> Available Alternatives

There are two main types of animal testing alternatives: in vitro and in silico.


In vitro involves the use of cell cultures.

  • EpiDerm™ and EpiSkin™ can be replacements for animal-based skin corrosion studies. They are made up of human-derived skin cells, cultured to form a multi-layered model of human skin.
  • Corrositex™ is another method for assessing skin corrosion. A protein membrane is used instead of skin, and it can measure whether the testing chemical can penetrate the skin barrier and the rate at which it penetrates.

Phototoxicity is caused by being exposed to a chemical then subsequently bring exposed to ultraviolet radiation. Phototoxicity results in skin inflammation.

  • 3T3 Neutral Red Uptake Phototoxicity Test tests for phototoxicity in a chemical by exposing cells to a test chemical from the 3T3 cell line. 3T3 cells are derived from mouse embryonic fibroblast cells to form a culture. Phototoxicity can be measured by the cell culture’s ability to recover after being exposed to the chemical in the presence versus absence of light.

  • skin patch test using human volunteers can be a replacement for skin irritation studies in animals. Only non-corrosive and non-irritation chemicals can be used in a human skin patch test.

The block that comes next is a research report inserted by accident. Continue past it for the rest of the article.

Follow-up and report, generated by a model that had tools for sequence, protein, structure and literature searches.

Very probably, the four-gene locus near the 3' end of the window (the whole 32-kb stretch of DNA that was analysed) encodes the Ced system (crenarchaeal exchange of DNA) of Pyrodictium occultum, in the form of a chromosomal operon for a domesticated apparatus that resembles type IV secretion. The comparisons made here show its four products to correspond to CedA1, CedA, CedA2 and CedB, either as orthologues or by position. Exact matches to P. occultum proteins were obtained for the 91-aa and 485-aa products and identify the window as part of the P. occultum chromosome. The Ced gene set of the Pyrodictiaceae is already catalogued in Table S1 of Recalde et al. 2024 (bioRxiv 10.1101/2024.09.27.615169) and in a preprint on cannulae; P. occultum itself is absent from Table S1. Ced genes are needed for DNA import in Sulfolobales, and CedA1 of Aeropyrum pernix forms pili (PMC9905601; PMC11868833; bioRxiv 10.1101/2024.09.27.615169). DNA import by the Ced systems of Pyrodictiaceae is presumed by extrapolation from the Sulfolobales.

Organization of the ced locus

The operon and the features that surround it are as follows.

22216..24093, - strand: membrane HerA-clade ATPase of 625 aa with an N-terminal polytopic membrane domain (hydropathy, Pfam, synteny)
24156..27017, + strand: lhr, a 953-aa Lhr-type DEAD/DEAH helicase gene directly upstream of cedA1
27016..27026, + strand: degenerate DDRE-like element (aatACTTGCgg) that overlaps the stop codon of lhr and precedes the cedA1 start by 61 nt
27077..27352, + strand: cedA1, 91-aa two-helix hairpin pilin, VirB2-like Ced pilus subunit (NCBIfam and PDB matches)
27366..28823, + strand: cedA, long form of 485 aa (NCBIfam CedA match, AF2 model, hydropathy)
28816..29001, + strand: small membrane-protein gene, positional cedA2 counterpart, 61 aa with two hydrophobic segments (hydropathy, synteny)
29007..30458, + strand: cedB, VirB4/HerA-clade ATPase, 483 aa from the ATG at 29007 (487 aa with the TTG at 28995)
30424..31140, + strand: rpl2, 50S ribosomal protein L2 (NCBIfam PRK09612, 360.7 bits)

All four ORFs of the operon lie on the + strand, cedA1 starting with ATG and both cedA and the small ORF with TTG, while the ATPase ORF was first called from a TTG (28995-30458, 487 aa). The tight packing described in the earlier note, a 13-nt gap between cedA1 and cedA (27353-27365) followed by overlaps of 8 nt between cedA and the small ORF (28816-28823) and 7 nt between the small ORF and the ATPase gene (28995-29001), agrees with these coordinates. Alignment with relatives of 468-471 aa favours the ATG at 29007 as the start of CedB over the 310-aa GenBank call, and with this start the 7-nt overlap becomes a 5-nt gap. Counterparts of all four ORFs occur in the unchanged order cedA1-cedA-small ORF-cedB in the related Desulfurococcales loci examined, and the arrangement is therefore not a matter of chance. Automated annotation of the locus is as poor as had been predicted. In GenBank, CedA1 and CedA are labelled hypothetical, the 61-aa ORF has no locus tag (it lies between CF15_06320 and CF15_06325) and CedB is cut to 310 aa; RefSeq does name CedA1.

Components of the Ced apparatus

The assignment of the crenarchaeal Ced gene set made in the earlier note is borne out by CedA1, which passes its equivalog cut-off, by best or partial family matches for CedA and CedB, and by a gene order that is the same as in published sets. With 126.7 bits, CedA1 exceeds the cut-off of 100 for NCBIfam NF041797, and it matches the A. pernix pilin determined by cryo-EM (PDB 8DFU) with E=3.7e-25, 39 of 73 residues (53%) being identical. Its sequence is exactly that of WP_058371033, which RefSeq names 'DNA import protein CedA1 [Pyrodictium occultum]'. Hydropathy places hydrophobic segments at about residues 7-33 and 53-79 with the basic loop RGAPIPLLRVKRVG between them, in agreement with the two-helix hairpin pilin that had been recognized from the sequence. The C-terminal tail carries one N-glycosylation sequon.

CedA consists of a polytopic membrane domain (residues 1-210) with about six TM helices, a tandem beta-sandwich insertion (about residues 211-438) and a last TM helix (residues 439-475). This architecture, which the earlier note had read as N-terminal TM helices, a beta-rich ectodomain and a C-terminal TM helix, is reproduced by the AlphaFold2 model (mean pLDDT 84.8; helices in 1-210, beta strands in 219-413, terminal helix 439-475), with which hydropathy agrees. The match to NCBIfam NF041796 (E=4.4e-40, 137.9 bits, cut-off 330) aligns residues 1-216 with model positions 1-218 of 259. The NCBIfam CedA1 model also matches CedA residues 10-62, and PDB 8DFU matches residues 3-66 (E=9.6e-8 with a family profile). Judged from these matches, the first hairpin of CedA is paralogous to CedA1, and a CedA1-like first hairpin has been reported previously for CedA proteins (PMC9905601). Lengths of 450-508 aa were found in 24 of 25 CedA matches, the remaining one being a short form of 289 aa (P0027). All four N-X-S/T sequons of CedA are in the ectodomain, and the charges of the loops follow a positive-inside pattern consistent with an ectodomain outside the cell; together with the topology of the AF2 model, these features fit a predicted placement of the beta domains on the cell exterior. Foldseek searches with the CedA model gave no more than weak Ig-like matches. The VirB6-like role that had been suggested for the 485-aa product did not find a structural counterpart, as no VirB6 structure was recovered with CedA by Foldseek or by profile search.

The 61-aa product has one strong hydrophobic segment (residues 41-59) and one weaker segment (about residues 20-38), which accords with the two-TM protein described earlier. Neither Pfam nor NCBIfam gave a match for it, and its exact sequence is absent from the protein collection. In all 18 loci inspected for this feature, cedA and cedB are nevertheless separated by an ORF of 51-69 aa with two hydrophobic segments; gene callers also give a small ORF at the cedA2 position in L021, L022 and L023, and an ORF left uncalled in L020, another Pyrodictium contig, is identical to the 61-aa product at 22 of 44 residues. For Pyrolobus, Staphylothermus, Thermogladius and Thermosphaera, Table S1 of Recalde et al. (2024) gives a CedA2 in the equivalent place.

• Micro-dosing involves giving human volunteers a very low dose of a given drug to observe the effects at a cellular level. There is virtually no risk to the drug recipient. Animal testing is reduced because drugs that are ineffective on humans are eliminated before any animal testing with larger doses begins.
Pyrogenicity is the measure of whether a chemical (such as intravenous drugs and pharmaceuticals) will cause fever and inflammation (an immune reaction).
  • An in  vitro Pyrogen Test can use blood donated by healthy human volunteers to observe the reaction between white blood cells (in the immune system) and the test drug.

In silico alternatives involve simulation of chemical, molecular, and cellular interactions with the use of computer models.

Research is currently being done to integrate in vitro and in silico testing methods. The goal is to further improve our ability to understand the potential toxic effects of  new chemicals and ultimately reduce the reliance on live animal testing.

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